Playing games in a relationship doesn’t work. Games create competition, and a winner and loser. Playing games is manipulative and a way to avoid intimacy. Some people think game playing does make things more interesting. It’s considered cool if you have “game”. But interesting doesn’t mean healthy. Game playing is usually a symptom of insecurity, fear, and immaturity. Empowered adults don’t sabotage their relationships by playing games.
True love cannot exist without emotional intimacy. Respect and trust are two essential ingredients that allow vulnerability to develop. Without vulnerability, you cannot achieve emotional intimacy—true love. Playing the testing game sabotages your chance at true love.
You teach people how to treat you. When you test them, you teach them they can’t trust you—that you’re not genuine. Most tests involve creating a false situation to see how your lover will react or respond. The object is to test their character and observe how they truly handle themselves as opposed to how they might say they would. It sounds good in theory, but in reality, it’s manipulation.
The test situation usually appears as drama from out of the blue to the receiver. It may make you appear overly or inappropriately emotional. It’s confusing, and it suddenly depicts you in a different light—all junk-food flags to a healthy person. Trust me; even if you get the desired response, you have changed your mate’s perception of you—usually in a negative way, and sometimes irreparably. It may make you feel closer to your man or woman, but it will do the opposite for him or her. It doesn’t matter if your partner passes if the test causes him or her to leave you. If your mate doesn’t pass, that doesn’t mean he or she wouldn’t pass if the situation were real instead of contrived. A bad reaction is most likely caused by the test itself—and to you creating unnecessary drama.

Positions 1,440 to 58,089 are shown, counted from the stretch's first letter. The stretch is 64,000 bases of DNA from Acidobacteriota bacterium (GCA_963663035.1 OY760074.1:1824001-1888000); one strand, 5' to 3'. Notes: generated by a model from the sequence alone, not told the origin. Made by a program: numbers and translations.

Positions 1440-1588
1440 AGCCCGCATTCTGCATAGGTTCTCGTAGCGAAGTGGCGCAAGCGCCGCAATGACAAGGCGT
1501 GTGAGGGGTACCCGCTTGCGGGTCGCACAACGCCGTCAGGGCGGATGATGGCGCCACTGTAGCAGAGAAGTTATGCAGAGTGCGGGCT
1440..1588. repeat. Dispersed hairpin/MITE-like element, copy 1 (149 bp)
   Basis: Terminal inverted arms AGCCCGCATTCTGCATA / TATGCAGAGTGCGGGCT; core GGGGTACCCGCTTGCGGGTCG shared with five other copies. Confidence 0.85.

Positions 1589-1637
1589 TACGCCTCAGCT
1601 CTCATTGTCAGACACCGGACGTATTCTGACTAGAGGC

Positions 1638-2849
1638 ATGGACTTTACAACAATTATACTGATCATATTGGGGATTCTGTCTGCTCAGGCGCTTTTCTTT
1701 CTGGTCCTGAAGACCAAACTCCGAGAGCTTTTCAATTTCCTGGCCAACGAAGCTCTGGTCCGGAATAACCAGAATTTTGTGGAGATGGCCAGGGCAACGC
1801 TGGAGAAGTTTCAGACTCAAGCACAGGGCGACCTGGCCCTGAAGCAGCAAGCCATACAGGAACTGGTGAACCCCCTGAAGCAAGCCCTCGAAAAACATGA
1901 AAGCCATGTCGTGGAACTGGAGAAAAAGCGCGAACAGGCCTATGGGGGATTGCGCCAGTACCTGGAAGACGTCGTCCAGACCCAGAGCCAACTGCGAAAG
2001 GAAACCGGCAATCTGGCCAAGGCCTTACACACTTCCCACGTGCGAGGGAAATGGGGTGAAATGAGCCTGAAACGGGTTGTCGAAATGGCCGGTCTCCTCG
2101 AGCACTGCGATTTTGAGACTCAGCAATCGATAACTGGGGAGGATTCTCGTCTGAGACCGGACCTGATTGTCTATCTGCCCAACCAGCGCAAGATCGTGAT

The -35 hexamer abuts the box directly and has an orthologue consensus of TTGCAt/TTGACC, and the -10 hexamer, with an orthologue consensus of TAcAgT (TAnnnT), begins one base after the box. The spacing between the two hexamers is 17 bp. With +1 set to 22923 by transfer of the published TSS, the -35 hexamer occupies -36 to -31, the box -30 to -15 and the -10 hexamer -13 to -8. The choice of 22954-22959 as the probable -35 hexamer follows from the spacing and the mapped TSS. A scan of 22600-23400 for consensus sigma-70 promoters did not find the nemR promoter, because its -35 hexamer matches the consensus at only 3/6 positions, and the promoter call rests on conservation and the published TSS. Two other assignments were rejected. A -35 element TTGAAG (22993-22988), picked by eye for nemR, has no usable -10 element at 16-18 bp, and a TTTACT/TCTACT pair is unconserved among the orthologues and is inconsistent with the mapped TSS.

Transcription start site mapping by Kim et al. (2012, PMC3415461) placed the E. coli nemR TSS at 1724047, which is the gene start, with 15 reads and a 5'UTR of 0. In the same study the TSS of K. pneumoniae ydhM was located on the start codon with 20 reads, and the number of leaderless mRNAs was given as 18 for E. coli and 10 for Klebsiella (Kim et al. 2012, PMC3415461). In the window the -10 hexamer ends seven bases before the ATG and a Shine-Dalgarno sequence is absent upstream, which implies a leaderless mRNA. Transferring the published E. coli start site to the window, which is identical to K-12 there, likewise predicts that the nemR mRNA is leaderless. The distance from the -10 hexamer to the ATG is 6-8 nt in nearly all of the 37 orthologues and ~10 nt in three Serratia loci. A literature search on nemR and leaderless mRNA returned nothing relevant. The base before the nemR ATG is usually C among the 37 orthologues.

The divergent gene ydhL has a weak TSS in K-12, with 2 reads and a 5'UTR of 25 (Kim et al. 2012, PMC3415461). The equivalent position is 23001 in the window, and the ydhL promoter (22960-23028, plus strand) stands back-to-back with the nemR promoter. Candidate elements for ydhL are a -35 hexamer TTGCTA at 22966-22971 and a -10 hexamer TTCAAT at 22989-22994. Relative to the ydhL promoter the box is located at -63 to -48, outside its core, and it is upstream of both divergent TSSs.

The problem for some is that they don’t consciously test their partners. They instinctually do it out of insecurity. This is particularly true of people who have abandonment issues. The fear of their partner leaving them motivates them to act out and behave badly to test if their lover will stay or go. But what this behavior usually accomplishes is pushing their love away, as their he or she becomes frustrated at all the dysfunction.
You have to create a habit of checking in with yourself when you feel insecure. The first question you should ask yourself is “Am I deciding for him how he feels?” When you think “He’s tired of me” or “She’s going to leave me” or “He doesn’t really love me,” you are deciding how your partner feels. Then you create a test to confirm your theory. However, you created the whole thing in your head. You don’t know how he or she feels. If you feel insecure or fear abandonment, your perception is tainted. You need to keep your thoughts on you and what you’re feeling, not what you’re feeling about what your partner is feeling. You cannot control what he or she thinks, feels, or does. I know that can be frightening, but when you try to control, you lose control. You destroy the intimacy in the relationship. Push the pause button. Allow your partner to do what he or she wants to do. Be confident. Behave in an empowered way that will make your partner crazy about you, not a way that will drive him or her crazy.
If you need more help recognizing what you’re doing wrong or finding who could be right for you I offer personal coaching. You’ll also find more help in my book: Giving Up Junk-Food Relationships: Recipes for Healthy Choices